Home page of BPDFamily.com, online relationship supportMember registration here
October 23, 2017, 03:43:14 PM *
Welcome, Guest. Please login or register.

Login with username, password and session length
Administrator: heartandwhole
Moderators: Meili, once removed
Member support team: DaddyBear77, Flourdust, Tattered Heart, Turkish, wendydarling, Woolspinner2000
  Directory Guidelines Glossary   Boards   Help Please Donate Login Register  
Books Reviewed and Endorsed by BPDFamily
The High
Conflict Couple
Loving Someone with
Borderline Personality Disorder
Loving the
Borderline Personality
Disorder Demystified

Pages: 1 [2]  All   Go Down
Author Topic: Truth of Molestation?  (Read 5906 times)
Retired Staff
Offline Offline

Gender: Male
Person in your life: Ex-romantic partner
Posts: 14908

You can't reason with the Voice of Unreason...

« Reply #10 on: September 19, 2007, 07:38:54 PM »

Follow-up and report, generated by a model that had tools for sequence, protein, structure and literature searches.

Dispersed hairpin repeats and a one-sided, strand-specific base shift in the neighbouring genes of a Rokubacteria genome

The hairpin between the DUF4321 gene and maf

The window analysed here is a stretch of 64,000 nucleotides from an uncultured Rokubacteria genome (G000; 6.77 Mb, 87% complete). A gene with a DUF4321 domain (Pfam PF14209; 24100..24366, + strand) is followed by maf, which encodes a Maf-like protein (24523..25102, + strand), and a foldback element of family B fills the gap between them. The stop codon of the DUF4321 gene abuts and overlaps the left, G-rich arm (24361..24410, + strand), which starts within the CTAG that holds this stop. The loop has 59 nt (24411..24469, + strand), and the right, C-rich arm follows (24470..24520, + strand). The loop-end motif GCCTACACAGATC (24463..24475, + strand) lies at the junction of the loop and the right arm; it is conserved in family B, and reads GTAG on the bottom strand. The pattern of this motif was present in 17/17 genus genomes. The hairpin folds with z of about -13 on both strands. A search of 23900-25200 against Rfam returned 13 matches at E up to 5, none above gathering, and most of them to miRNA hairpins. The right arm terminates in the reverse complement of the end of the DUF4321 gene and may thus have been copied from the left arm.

Somewhat recently there was a segment on one of the tv news magazines, like Dateline or something, that had to do with a medication that would alleviate PTSD symptoms in sufferers by somehow altering the impact of their memories. It was interesting and brought up provocative questions, as you can imagine.

River, I believe you're thinking of propranolol.  Here's some of my notes from last year.

On 11/26/2006 the program 60 Minutes had a segment The Memory Pill concerning the use of a heart medication, propranolol, to lessen the traumatic memories associated with PTSD (post traumatic stress disorder).  Currently it is in early testing stages.  Research indicates adrenaline causes memories to be stored more strongly and propranolol lessens the effects of adrenaline, moderating strong memories.

I wonder, could this be tested whether this moderates the symptoms and behaviors of Borderline and other Personality disorders?  Of course, not all causes can be identified and traced to early childhood traumas, but many can.  Could treatment with this drug, which apparently has minimal or no side effects, helped moderate the extremes of BP behaviors?

Also, some have expressed concerns that this is messing with memory.  In the interview the researcher responded that we routinely give pain killers to injured persons to lessen their pain, so how is this so different?  Thus far it only lessens the traumatic effects so they're more like normal memories, it doesn't wipe them out.